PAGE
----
The Prodigal Son

stained glass depicting the prodigal son's return

Have you ever felt like you just wanted to get out and see the world? How many of us can identify with the young man in the parable of the prodigal son who just wanted to get out from his father’s roof and make a life for himself? We’ve all had times when we just couldn’t wait to be more independent, but, when we seek independence from God, that’s when we start to run into problems.

Luke 15:11 – 23:

And He said, “There was a man who had two sons. And the younger of them said to his father, ‘Father, give me the share of property that is coming to me.’ And he divided his property between them. Not many days later, the younger son gathered all he had and took a journey into a far country, and there he squandered his property in reckless living. And when he had spent everything, a severe famine arose in that country, and he began to be in need.

“So he went and hired himself out to one of the citizens of that country, who sent him into his fields to feed pigs. And he was longing to be fed with the pods that the pigs ate, and no one gave him anything.

“But when he came to himself, he said, ‘How many of my father’s hired servants have more than enough bread, but I perish here with hunger!  I will arise and go to my father, and I will say to him, “Father, I have sinned against heaven and before you. I am no longer worthy to be called your son. Treat me as one of your hired servants.”‘

“And he arose and came to his father. But while he was still a long way off, his father saw him and felt compassion, and ran and embraced him and kissed him. And the son said to him, ‘Father, I have sinned against heaven and before you. I am no longer worthy to be called your son.’

“But the father said to his servants, ‘Bring quickly the best robe, and put it on him, and put a ring on his hand, and shoes on his feet. And bring the fattened calf and kill it, and let us eat and celebrate.’”

A Far Country

In this parable, the younger son travels to a far country, and he realizes things really aren’t better than in his father’s home. His idea of freedom turns out to be an illusion. This is what happens when we stray from the Father. If we are not serving Him, we just enter into another form of servitude. Romans 6:15 – 23 calls us either servants of sin or of righteousness. When we seek that far country from God, we become indentured to sin, and we have no more hope for eternity. What we give up for freedom from God is nothing compared to what we gain by remaining true and faithful.

A Humble Return

Verse 16 of the parable sees the son reaching his lowest point, and he realizes what he left behind. He resolves to repent and return to his father in humility. This type of crucible makes us realize that we are nothing without Christ. When we reach our lowest, that’s when our hearts are most tender. As Galatians 2:20 says, we are all crucified with Christ. In this, we set self aside, and we allow Christ to live in us. We must empty ourselves just as this prodigal son empties himself before his father.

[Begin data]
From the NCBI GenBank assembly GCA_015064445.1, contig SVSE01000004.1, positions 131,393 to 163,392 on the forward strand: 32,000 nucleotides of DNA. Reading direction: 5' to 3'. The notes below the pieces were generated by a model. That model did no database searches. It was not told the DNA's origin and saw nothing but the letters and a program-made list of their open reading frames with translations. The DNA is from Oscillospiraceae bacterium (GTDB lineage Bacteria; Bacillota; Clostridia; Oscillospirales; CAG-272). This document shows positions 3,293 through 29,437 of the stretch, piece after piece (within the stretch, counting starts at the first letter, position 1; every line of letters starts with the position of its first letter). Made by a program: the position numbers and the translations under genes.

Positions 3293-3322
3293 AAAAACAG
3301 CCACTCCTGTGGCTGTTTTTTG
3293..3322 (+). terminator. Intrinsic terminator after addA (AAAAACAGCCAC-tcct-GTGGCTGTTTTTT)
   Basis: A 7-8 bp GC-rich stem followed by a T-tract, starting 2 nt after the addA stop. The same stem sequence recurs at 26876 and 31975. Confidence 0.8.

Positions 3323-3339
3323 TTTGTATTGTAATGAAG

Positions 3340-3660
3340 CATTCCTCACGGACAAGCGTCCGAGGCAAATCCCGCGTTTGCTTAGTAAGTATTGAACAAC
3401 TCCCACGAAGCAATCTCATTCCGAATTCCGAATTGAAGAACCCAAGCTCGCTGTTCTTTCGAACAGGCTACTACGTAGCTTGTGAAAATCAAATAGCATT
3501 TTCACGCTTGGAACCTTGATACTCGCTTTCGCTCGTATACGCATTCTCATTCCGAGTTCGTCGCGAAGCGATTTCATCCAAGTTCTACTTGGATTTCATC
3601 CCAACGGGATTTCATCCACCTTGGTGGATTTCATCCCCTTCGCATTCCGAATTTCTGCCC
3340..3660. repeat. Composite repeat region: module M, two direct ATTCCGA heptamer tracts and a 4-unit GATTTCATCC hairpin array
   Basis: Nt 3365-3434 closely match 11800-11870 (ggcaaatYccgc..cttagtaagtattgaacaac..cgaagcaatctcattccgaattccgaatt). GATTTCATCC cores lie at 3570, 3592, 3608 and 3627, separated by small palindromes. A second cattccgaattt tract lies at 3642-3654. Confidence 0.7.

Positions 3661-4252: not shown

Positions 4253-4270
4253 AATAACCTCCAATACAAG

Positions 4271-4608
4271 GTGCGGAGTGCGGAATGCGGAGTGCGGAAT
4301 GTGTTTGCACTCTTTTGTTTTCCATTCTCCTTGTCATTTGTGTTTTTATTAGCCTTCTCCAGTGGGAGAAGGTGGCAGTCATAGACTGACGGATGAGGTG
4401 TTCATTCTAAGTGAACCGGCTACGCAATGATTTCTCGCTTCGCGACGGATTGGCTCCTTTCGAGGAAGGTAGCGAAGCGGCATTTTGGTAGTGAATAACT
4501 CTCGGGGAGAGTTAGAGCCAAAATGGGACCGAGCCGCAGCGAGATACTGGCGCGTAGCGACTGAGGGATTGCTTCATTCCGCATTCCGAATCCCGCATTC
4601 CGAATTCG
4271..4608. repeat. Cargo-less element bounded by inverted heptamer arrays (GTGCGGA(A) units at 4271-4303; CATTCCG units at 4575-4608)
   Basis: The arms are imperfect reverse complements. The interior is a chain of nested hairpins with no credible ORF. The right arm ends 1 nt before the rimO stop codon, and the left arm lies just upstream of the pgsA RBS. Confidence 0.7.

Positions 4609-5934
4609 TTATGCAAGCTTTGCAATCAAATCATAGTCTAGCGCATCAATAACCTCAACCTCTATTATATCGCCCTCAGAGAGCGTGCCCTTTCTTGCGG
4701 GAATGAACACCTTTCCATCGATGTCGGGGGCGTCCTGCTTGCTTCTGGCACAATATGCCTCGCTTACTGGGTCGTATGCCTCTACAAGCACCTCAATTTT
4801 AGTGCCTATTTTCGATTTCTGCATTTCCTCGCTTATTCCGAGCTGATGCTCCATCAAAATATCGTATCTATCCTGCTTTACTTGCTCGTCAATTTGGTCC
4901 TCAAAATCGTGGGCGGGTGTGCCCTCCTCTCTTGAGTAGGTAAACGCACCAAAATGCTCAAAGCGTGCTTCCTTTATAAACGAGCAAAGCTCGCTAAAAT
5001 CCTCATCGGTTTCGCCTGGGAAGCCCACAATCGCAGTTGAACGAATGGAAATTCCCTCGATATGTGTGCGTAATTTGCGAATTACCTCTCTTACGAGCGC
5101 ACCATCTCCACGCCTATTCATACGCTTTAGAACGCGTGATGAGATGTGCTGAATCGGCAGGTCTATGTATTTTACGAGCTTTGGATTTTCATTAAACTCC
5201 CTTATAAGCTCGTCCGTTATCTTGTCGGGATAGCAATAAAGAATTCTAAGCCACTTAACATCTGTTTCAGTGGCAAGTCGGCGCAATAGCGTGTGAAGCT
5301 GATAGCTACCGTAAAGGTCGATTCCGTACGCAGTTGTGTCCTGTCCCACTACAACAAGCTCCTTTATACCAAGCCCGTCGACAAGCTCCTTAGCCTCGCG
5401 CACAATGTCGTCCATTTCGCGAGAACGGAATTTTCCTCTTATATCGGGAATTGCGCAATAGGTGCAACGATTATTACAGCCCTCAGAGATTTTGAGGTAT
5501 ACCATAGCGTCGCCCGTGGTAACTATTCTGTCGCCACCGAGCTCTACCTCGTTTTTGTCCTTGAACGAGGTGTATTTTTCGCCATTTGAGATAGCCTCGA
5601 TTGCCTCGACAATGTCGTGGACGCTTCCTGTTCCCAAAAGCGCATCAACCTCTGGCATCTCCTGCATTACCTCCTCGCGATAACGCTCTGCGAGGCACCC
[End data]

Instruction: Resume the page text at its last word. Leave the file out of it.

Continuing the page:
Humility gives us strength. It allows us to see ourselves as we really are — broken and in need of a father. And, like the father in this parable, our Heavenly Father is always ready to receive and forgive. No matter how far we’ve traveled from God, He is always waiting for our return. An avenue for forgiveness and restoration is always there for us.

The Older Son

Luke 15:25 – 32:

“Now his older son was in the field, and as he came and drew near to the house, he heard music and dancing. And he called one of the servants and asked what these things meant. And he said to him, ‘Your brother has come, and your father has killed the fattened calf, because he has received him back safe and sound.’

“But he was angry and refused to go in. His father came out and entreated him, but he answered his father, ‘Look, these many years I have served you, and I never disobeyed your command, yet you never gave me a young goat, that I might celebrate with my friends. But when this son of yours came, who has devoured your property with prostitutes, you killed the fattened calf for him!’

“And he said to him, ‘Son, you are always with me, and all that is mine is yours. It was fitting to celebrate and be glad, for this your brother was dead, and is alive; he was lost, and is found.’”

We can all identify with the younger brother, but we may not want to admit the times we identify with the older. We should always be ready to receive and forgive when an erring sister or brother comes back to the Father. We should be as willing to take back a repentant sinner as we would want to be received ourselves. We are one family. None of us are perfect, but we have a perfect Father holding us all together.

We’ve all been far from God, but Jesus closes that gap in His sacrifice. He invites us home, and now is always the best time to return. Our Father is waiting and watching. Turn to Him and confess your need for Him.

lesson by Don Larsen